Tesla Reveals Optimus, a Walking Humanoid Robot You Could Buy in 2027

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Tesla CEO Elon Musk Friday unveiled the company’s Tesla Bot, a robot codenamed Optimus that shuffled across a stage, waved and pumped its arms in a slow dance motion. The robot could cost $20,000 in three to five years, he said.

“Our goal is to create a useful humanoid robot as soon as possible,” Musk said. It could eventually “help millions of people,” but the first applications will be in Tesla’s car factories, he said.

The robot was not as flashy as some others like The parkour-compatible Atlas from Boston Dynamics, but it’s what Tesla put together in less than eight months. “The robot can do a lot more than what we showed you. We just didn’t want it to fall on its head,” Musk joked. Tesla AI Day 2022an event designed to showcase the company’s robot and autonomous vehicle technology called Fully self-driving or FSD.


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Ultimately, Musk wants to build Tesla Bots by the millions, leveraging hardware, software, manufacturing and supply chain advantages developed for his auto company. Take the company’s projections with a grain of salt, though. Tesla has succeeded as an automaker and led the rest of the industry towards an electric vehicle future, but it has missed many deadlines along the way.

The Optimus effort, while still early, is one of the most ambitious in the robotics world, given how widespread and capable Tesla hopes the robots can become. But progress is difficult. Rivals love Boston Dynamics have worked on humanoid robots for years, but have only produced prototypes so far. More common are robots with more limited capabilities, such as: delivery bots on wheels or Astro from Amazona household camera-equipped tablet on wheels.

Artificial intelligence technology works best with tight jobs, but Tesla’s car control technology and robots have to account for a huge variety in the real world. Optimus will likely live a protected life to begin with. The company plans to use it first in Tesla’s own factories.

Duties could include carrying parts to conventional robots on the production line, Musk said.

“The number of situations where Optimus is useful will grow exponentially,” Musk said. “Really, very quickly.”

A Tesla Optimus robot swings with one arm

The first prototype of Optimus, codename for the Tesla Bot, waves an arm during the Tesla AI Day 2022 event.

Screenshot by Claire Reilly/CNET

Two Tesla Bots on the podium

Musk showed two robots. The first running model was built with ready-made mechanical actuators, cylindrical devices that combine a motor with gear transmission and sensors. The second, whose limbs and fingers were controlled by Tesla’s own actuators, could not walk and was wheeled onto the stage. But the actuators allowed him to let his leg go to the side and grab it with his hands. In a video, the bots could do more, such as picking up boxes, holding a watering can for plants and twisting at the waist.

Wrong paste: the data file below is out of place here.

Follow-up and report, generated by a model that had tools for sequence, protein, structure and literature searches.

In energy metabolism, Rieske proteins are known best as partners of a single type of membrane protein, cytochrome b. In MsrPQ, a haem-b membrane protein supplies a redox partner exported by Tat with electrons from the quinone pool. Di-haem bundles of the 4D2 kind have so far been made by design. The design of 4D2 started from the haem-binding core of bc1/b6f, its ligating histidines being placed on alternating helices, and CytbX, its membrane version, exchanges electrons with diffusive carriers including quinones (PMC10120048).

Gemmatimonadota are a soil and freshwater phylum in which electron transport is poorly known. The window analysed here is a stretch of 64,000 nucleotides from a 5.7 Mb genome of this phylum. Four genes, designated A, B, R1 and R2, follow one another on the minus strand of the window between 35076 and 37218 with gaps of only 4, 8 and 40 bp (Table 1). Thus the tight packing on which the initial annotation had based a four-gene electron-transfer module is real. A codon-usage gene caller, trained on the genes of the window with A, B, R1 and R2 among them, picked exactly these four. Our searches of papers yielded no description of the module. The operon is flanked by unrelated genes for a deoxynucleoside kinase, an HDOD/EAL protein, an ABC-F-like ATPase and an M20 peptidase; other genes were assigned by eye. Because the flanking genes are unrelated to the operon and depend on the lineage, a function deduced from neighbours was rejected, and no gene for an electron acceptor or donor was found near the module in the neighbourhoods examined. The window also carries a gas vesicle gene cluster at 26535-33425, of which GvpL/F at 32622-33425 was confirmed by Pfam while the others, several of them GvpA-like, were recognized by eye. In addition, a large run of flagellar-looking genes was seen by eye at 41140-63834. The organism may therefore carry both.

“It wasn’t quite ready to walk yet, but I think it will walk in a few weeks,” Musk said of the second Optimus robot.

Tesla already employed actuator engineers for its vehicles. The strongest actuator, a linear model used in the Optimus leg, can lift 1,000 pounds.

The second Optimus prototype weighs 161 pounds (73 kg). It uses a variant of the same computer hardware that powers Tesla’s FSD autonomous vehicle technology. The battery pack has a capacity of 2.3 kilowatt hours, “perfect for working all day,” said one engineer. It consumes about 100 watts of power sitting and 500 watts when walking briskly. That’s kind of like a high-end gaming PC.


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The first robot walked slowly, shuffling, with one foot just in front of the other. His bent knees gave him a slightly shaky gait, but that stance is common for robots, as a straight leg stance requires much more precise balance skills. The robot could twist and bend at the waist. The body was dotted with mostly green LEDs, and inside the box was a large computer with dual spinning fans to cool the processors.

Tesla engineers emphasized the degrees of freedom in the Optimus robots — essentially the different ways they can bend or rotate at different joints. The entire robot body has more than 28 degrees of freedom, and each hand has 11, Tesla said.

For security reasons, the robots will include an external mechanism so that people can stop them, Musk said, and that override mechanism cannot be updated over the Internet. In the longer term, for security reasons, the robots will likely be “ruled by some laws of robotics that you can’t overcome, as others do no harm,” Musk said, referring to science fiction author Isaac Asimov’s three laws of robotics.

Tesla uses the same AI software to control the Tesla Bot as in its cars. Some of the same technology applies, such as measuring the “occupation” of nearby areas. It’s just trained with real-world environments rather than controlling video, Tesla said.

Musk didn’t hold back on the sci-fi promises for Tesla’s robots. With robots at work, the economy is entering a new era, a “future of abundance, a future where there is no poverty, a future where you can have whatever you want in terms of products and services,” Musk said. “It’s really a fundamental transformation of civilization as we know it.”

The Valley Voice
The Valley Voicehttp://thevalleyvoice.org
Christopher Brito is a social media producer and trending writer for The Valley Voice, with a focus on sports and stories related to race and culture.

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